According to Mr Martin, the TOM was most effective in the Strategic Policy, Planning and Performance (SPPP) department - a newly created department tasked with leading on policymaking and measuring government's output - although he noted its Director General, former Home Affairs head Tom Walker, might disagree.
Mr Martin said its creation had led to greater accountability over the development of policy, and ensured that policies were joined up across departments, rather than being created in a siloed way.
Mr Martin said this had been “demonstrably effective”, such as during the pandemic when “joined up working was valuable”.
On the flip side, he said it was concerning that some TOMs were not yet “complete and embedded”. “I think in relation to Infrastructure, Housing and Environment (IHE), it’s taken longer there to complete and implement the changes in the TOMS, I think that might be one of the least successful area,” he said.
Mr Martin argued that since change “creates uncertainty and unsettles everyone one who is a participant in the process”, the best change management would take place over a short period, be “precisely defined in its timeframes, realistic, well communicated and completed in good order.”
Pictured: Mr Martin said staff morale had undoubtedly and demonstrably suffered.
In the case of the OneGov plan, he said it had been more difficult to keep a grip on it because it was affecting all areas at once.
He also acknowledged staff morale had undoubtedly and demonstrably suffered.
Union leaders raised concerns with Scrutiny Panels last year about how employees had been “very much impacted” by the top-down approach adopted in Government, and raw details of staff surveys conducted obtained by Express exposed a huge lack of confidence in leadership.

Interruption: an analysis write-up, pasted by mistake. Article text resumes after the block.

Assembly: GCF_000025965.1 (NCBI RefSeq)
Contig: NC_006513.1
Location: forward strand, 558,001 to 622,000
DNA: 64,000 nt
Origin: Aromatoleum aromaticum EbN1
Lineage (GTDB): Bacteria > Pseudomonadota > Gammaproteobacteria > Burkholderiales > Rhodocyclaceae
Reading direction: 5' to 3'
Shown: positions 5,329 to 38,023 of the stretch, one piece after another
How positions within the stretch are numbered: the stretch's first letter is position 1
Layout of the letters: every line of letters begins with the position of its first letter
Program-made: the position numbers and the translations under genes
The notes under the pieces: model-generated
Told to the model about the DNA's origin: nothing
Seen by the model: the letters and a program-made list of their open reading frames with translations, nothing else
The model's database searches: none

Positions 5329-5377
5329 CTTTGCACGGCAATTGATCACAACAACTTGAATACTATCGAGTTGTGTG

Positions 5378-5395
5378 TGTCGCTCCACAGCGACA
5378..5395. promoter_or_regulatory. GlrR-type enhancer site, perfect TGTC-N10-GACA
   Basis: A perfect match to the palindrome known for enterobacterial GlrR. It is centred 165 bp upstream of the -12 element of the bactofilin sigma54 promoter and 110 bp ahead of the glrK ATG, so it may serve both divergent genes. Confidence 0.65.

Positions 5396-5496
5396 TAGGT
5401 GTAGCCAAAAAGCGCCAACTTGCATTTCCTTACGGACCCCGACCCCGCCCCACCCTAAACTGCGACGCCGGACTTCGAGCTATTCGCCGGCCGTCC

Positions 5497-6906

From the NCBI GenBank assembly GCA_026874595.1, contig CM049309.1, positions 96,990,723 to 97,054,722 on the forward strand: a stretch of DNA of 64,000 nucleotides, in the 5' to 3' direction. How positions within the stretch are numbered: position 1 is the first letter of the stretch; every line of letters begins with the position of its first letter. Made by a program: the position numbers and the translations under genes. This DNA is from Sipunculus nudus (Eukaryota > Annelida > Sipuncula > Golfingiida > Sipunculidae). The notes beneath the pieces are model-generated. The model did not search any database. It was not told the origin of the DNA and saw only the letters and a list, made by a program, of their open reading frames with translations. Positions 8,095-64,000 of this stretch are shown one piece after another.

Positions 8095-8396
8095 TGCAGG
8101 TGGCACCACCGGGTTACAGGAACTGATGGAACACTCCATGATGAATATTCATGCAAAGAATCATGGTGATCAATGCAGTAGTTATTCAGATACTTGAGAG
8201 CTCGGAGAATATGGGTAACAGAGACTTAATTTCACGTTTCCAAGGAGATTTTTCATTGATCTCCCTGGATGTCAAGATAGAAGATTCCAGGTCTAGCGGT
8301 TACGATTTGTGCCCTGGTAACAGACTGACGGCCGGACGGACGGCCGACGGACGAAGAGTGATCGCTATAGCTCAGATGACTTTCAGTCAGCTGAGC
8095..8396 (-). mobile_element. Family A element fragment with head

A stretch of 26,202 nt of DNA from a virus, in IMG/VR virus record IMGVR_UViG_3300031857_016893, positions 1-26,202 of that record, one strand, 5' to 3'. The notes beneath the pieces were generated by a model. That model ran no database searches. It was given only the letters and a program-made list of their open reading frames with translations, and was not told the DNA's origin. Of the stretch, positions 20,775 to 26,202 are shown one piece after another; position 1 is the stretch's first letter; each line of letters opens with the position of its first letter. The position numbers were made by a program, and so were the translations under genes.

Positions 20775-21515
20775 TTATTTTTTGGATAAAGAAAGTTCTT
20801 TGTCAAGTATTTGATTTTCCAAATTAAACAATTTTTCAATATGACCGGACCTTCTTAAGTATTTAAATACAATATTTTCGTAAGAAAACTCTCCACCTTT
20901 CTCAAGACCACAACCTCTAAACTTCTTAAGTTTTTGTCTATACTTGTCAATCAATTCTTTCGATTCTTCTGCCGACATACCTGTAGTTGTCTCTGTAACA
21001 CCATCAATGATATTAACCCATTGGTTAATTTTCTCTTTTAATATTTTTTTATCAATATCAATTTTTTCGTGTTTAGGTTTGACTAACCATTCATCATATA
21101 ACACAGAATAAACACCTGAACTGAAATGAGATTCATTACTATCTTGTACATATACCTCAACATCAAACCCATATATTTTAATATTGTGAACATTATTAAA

However, Mr Martin added that morale issues would be expected in other places too.
“Change unsettles people and there is a dip in morale, there’s no doubt that would have happened,” he said. “The crucial thing is to get to the benefits as quick as possible.”
He said that morale was still currently low among staff but that the reasons were different now, citing “skill shortages and vacancies”.
He said: “It’s less machinery of Government and it’s more other factors, especially the access to the right level of skills.”
In an exclusive interview with Express ahead of her first day in the top civil service job, new CEO Suzanne Wylie acknowledged the difficulties Jersey's government is facing in the wake of OneGov, the bitter fall-out over Charlie Parker's departure, the lasting effects of the pandemic and Brexit, among other factors.
"Progress has been made in some areas, however, I am mindful of the need to build staff morale and reset the modernisation programme to meet today’s challenges and to support colleagues with the day-to-day pressures they face, and also help to clarify expectations and direction of travel," she said.
"Change of scale does not happen overnight and needs consistent oversight, adjustment, and determination to see it through."
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Off to play my violin!